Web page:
U.S.
v.
Tucker

United States Court of Appeals, Third CircuitFeb 21, 2008
266 Fed. Appx. 120 (3d Cir. 2008)

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No. 06-3922.

Submitted Under Third Circuit LAR 34.1(a) January 14, 2008.

Filed: February 21, 2008.

Appeal from the United States District Court for the Eastern District of Pennsylvania (D.C. Crim. No. 06-cr-00013-1), District Judge: The Honorable John R. Padova.

Arlene D. Fisk, Office of United States Attorney, Philadelphia, PA, for Appellee.

Vernon Z. Chestnut, Philadelphia, PA, for Appellant.

Before: BARRY, CHAGARES and ROTH, Circuit Judges.


OPINION


BARRY, Circuit Judge.

Appellant Romel Tucker pled guilty to possession of a firearm by a felon in violation of 18 U.S.C. § 922(g)(1), and was sentenced to 84 months imprisonment and three years supervised release. He appeals his sentence, arguing that: (1) the District Court erred in concluding that his previous convictions for conspiracy to commit robbery and simple assault were "crimes of violence" under U.S.S.G. §§ 2K2.1(a)(2) and 4B1.2(a); and (2) his sentence is unreasonable. We will affirm.

I.

Because we write only for the parties, familiarity with the facts is presumed, and we include only those facts that are relevant to our analysis.

On November 3, 2005, Tucker was stopped by Philadelphia police for a traffic infraction. As officers approached his vehicle, he reached out the driver's side window and dropped a handgun on the street. He was placed under arrest, and a federal grand jury subsequently returned an indictment charging him with possession of a firearm by a felon in violation of 18 U.S.C. § 922(g)(1). He pled guilty and, following a hearing on August 16, 2006, the District Court found that his previous convictions for conspiracy to commit robbery and simple assault constituted "crimes of violence" under U.S.S.G. §§ 2K2.1(a)(2) and 4B 1.2(a), resulting in a Sentencing Guidelines range of 77-96 months. As noted above, the District Court imposed a sentence of 84 months imprisonment and three years supervised release. Tucker filed a timely notice of appeal.

II.

The District Court had jurisdiction pursuant to 18 U.S.C. § 3231. Our jurisdiction is premised on 28 U.S.C. § 1291 and 18 U.S.C. § 3742. We "exercise plenary review over a district court's interpretation of the Guidelines." United States v. Grier, 475 F.3d 556, 570 (3d Cir. 2007). "The proper construction of the term `crime of violence' is a question of law, and our review is plenary." United States v. McQuilkin, 97 F.3d 723, 727 (3d Cir. 1996).

III.

In relevant part, the Guidelines define a "crime of violence" as any offense punishable by imprisonment for more than one year that "has as an element the use, attempted use, or threatened use of physical force against the person of another," U.S.S.G. § 4B1.2(a)(1), as well as conspiracy to commit any such offense. Id., at Application Note 1. The Guidelines explicitly identify robbery as a crime of violence. Id.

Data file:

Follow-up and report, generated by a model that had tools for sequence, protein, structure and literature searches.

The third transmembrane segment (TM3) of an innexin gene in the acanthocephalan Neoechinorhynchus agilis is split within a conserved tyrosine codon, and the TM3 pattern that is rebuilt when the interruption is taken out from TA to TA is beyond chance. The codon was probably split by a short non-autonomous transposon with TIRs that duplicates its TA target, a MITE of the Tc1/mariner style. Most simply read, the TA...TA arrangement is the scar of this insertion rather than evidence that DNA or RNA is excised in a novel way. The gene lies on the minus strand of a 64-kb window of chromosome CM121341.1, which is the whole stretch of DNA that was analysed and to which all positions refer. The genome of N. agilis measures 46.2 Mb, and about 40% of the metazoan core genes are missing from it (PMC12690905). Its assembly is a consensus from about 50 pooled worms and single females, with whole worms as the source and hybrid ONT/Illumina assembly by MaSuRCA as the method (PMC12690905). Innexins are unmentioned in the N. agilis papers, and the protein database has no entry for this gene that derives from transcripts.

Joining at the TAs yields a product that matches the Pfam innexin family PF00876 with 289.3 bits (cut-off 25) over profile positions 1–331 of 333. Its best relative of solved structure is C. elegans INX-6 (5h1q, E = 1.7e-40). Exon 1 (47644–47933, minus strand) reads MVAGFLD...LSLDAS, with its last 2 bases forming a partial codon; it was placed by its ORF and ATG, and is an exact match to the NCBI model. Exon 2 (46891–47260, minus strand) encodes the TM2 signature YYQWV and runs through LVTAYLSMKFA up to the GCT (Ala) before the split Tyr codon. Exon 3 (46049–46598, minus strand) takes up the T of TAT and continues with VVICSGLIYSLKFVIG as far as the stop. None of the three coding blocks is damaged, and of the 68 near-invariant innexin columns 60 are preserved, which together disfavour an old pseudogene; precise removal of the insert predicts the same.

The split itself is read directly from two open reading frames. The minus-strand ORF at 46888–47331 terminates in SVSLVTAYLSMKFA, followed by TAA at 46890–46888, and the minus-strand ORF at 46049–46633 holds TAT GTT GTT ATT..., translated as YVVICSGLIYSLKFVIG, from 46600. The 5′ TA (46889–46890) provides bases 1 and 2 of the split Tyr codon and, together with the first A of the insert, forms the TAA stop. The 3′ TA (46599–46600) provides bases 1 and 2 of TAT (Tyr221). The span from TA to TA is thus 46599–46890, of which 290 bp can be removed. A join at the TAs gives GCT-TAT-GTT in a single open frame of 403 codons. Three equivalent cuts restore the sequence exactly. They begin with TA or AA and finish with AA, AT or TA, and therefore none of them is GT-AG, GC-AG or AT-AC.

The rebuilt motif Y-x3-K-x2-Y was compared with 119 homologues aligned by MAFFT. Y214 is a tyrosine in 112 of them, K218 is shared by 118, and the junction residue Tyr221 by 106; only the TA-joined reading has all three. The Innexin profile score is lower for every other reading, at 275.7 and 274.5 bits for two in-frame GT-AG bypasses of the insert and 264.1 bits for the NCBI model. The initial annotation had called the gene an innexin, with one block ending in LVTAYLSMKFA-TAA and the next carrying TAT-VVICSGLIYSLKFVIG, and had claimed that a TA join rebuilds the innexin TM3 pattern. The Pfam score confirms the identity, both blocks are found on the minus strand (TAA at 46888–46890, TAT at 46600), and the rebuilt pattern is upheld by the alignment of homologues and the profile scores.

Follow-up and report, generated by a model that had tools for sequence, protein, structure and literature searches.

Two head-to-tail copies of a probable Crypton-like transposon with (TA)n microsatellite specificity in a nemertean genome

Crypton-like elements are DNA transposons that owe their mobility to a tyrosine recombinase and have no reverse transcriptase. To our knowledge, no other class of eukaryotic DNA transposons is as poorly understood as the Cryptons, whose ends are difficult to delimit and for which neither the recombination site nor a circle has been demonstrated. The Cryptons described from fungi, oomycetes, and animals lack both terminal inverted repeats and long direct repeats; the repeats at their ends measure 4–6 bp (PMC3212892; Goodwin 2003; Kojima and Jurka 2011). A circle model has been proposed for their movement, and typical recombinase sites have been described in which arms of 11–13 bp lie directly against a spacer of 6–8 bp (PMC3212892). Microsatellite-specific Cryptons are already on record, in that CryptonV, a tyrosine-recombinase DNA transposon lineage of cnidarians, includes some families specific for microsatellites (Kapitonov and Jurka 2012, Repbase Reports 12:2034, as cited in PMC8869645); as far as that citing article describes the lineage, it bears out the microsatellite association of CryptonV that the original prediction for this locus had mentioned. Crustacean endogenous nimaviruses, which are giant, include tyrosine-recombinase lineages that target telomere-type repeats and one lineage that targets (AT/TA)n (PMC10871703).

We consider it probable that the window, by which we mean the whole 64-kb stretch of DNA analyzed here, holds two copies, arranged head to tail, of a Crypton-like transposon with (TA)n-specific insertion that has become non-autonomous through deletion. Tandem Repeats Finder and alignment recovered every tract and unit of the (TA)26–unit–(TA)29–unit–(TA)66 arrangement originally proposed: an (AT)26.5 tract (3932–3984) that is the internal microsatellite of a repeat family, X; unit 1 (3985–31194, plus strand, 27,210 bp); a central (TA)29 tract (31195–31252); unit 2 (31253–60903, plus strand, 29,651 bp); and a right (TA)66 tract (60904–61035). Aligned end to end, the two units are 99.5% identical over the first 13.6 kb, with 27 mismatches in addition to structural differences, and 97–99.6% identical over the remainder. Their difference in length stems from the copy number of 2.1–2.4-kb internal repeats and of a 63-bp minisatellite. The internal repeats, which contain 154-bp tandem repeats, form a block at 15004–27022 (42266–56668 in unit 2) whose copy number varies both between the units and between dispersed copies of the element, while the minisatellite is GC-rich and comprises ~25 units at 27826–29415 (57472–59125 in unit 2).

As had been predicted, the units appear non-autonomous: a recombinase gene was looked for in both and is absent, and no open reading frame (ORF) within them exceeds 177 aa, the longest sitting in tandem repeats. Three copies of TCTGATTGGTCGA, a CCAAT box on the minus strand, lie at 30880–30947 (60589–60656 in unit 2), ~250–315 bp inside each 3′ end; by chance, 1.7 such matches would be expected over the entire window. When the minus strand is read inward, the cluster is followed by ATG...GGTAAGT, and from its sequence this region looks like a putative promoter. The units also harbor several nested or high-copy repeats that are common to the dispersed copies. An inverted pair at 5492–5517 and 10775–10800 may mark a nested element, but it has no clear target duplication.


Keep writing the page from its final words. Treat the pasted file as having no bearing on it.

Tucker claims that his conviction for conspiracy to commit robbery is not a crime of violence because he was convicted under a Pennsylvania statute proscribing "physically tak[ing] or remov[ing] property from the person of another by force however slight." 18 Pa. Cons.Stat. § 3701. Essentially, Tucker argues that the minimal amount of force required — "however slight" — under the statute takes his conviction outside the definition of crime of violence. This argument lacks merit. First, on its face, § 4B1.2(a)(1) includes all prior offenses punishable by imprisonment for more than one year in which the use of force is an element, and makes no distinctions based on the amount of force used. Moreover, we have held that a prior Pennsylvania robbery conviction under § 3701 "is necessarily a crime of violence," United States v. McAllister, 927 F.2d 136, 139 n. 4 (3d Cir. 1991), as is a "prior [Pennsylvania] conviction for conspiracy to commit robbery." United States v. Preston, 910 F.2d 81, 87 (3d Cir. 1990).

Tucker also claims that his conviction for simple assault is not a crime of violence because it is designated a misdemeanor under Pennsylvania law. As Tucker himself acknowledges, however, his argument is foreclosed by United States v. Dorsey, 174 F.3d 331 (3d Cir. 1999), in which we held that simple assault in Pennsylvania, notwithstanding its misdemeanor status in that state, is a crime of violence under U.S.S.G. § 4B1.2(a). See Dorsey, 174 F.3d at 333. To the extent that Tucker asks us to reconsider Dorsey, we decline to do so.

Finally, Tucker argues that his sentence is unreasonable because, assuming "these prior convictions are `crimes of violence', they barely meet the threshold." (Appellant's Br. 10-11.) "The touchstone of `reasonableness' is whether the record as a whole reflects rational and meaningful consideration of the factors enumerated in 18 U.S.C. § 3553(a)." Grier, 475 F.3d at 571. The record reflects that the District Court, having adequately considered those factors and properly calculated the Guidelines range (based on its finding, with which we agree, that Tucker's convictions constitute crimes of violence), imposed a sentence that fell within that range. There is no basis to conclude that the sentence was unreasonable.

IV.

For the foregoing reasons, we will affirm the judgment of the District Court.